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AHSS

AHSS: Advanced High Strength Steels
Definition:Group of steels that is characterized by a mulitphase microstructure and an excellent strength-ducitility ratio.
Explanation:There is a general trend in sheet steel development towards an improved balance of formability and strength. AHSS show outstanding yield strength without the compromise of ductility loss. The physical background of this development is mainly that their microstructure is designed to contain constituents with strong distinction in mechanical properties. The final material behavior is affected by the coexistence of the different microstructure components, their different mechanical behavior and their mutual interactions.

Multiphase high strength steels with a ferrite matrix are addressed as AHSS 1. Generation. The term AHSS 2. Generation or 2.G is used for single phase austenitic high Mn steels which microstructure characteristically develops throughout plastic forming either by transformation induced plasticity due to strain induced martensite formation (→TRIP) by continuous microstructure refinement due to twinning induced plasticity (→TWIP) or by pronounced microband formation (→MRIP). Recently, AHSS 3.G is used as a term for medium Mn steels with a multiphase microstructure containing a high austenite fraction.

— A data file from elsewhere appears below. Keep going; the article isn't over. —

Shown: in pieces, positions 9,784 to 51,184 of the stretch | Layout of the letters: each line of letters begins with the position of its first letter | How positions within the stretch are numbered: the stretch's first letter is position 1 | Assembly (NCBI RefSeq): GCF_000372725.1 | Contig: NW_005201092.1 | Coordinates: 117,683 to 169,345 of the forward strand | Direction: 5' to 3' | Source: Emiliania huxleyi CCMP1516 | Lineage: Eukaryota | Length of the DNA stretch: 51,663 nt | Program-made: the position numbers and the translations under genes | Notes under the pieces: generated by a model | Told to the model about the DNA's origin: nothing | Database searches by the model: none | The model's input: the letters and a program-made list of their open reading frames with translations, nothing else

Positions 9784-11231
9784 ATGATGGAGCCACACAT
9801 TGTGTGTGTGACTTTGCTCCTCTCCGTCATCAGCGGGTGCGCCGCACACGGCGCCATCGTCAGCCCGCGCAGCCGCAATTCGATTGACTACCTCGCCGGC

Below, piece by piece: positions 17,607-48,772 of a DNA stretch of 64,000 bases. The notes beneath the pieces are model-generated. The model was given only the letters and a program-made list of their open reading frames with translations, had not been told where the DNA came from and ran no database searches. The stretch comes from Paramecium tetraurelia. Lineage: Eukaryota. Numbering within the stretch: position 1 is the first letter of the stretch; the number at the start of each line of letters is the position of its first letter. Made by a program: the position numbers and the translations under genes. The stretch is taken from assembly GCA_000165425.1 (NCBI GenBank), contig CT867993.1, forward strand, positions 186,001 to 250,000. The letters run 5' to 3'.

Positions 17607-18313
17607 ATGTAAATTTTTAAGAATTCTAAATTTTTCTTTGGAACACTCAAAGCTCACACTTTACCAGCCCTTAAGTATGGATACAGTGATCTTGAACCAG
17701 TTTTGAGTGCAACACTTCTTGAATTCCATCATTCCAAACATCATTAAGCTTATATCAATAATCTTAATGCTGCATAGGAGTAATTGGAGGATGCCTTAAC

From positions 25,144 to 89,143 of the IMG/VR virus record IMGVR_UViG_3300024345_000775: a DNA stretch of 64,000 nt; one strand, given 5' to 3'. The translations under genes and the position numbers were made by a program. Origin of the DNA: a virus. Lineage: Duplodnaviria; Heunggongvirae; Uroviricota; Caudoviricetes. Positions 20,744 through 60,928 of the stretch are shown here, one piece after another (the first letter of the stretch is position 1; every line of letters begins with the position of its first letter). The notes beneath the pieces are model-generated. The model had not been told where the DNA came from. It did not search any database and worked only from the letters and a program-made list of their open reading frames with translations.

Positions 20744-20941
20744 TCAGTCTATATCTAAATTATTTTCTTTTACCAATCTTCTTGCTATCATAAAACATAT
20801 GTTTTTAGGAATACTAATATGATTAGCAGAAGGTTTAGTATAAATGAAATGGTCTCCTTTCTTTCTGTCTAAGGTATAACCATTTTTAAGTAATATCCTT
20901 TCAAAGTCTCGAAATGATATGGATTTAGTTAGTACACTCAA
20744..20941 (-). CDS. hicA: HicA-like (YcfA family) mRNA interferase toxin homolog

It is possible to vary the mechanical properties by adjusting type, morphology and orientation and above all volume fraction, size and distribution of the different phases. These transformations improve the formability by significant strain hardening and prolonging the uniform straining behavior. This effect can be seen in the ECO-index as (ultimate tensile strength)×(total elongation), which delivers a rough indicator for the overall performance.

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Classification of AHSS. Grades, ECO-index, and volume fraction of austenite (γ) are shown as well.
SFB-Link:The investigated materials show a multiphase microstructure and cover the range of TRIP and TWIP deformation mechanisms.

Components of the known industrially used AHSS are suitable especially for automobile light weight construction parts as pillars and beams or for crash relevant parts as bumpers.
References:Bleck, W.; Prahl, U.; Suwanpinij, P.: Microstructure Development in Hot-Rolled Advanced High Strength Steels. Rolling Conference, June 10.-12.2013, Venice, Italy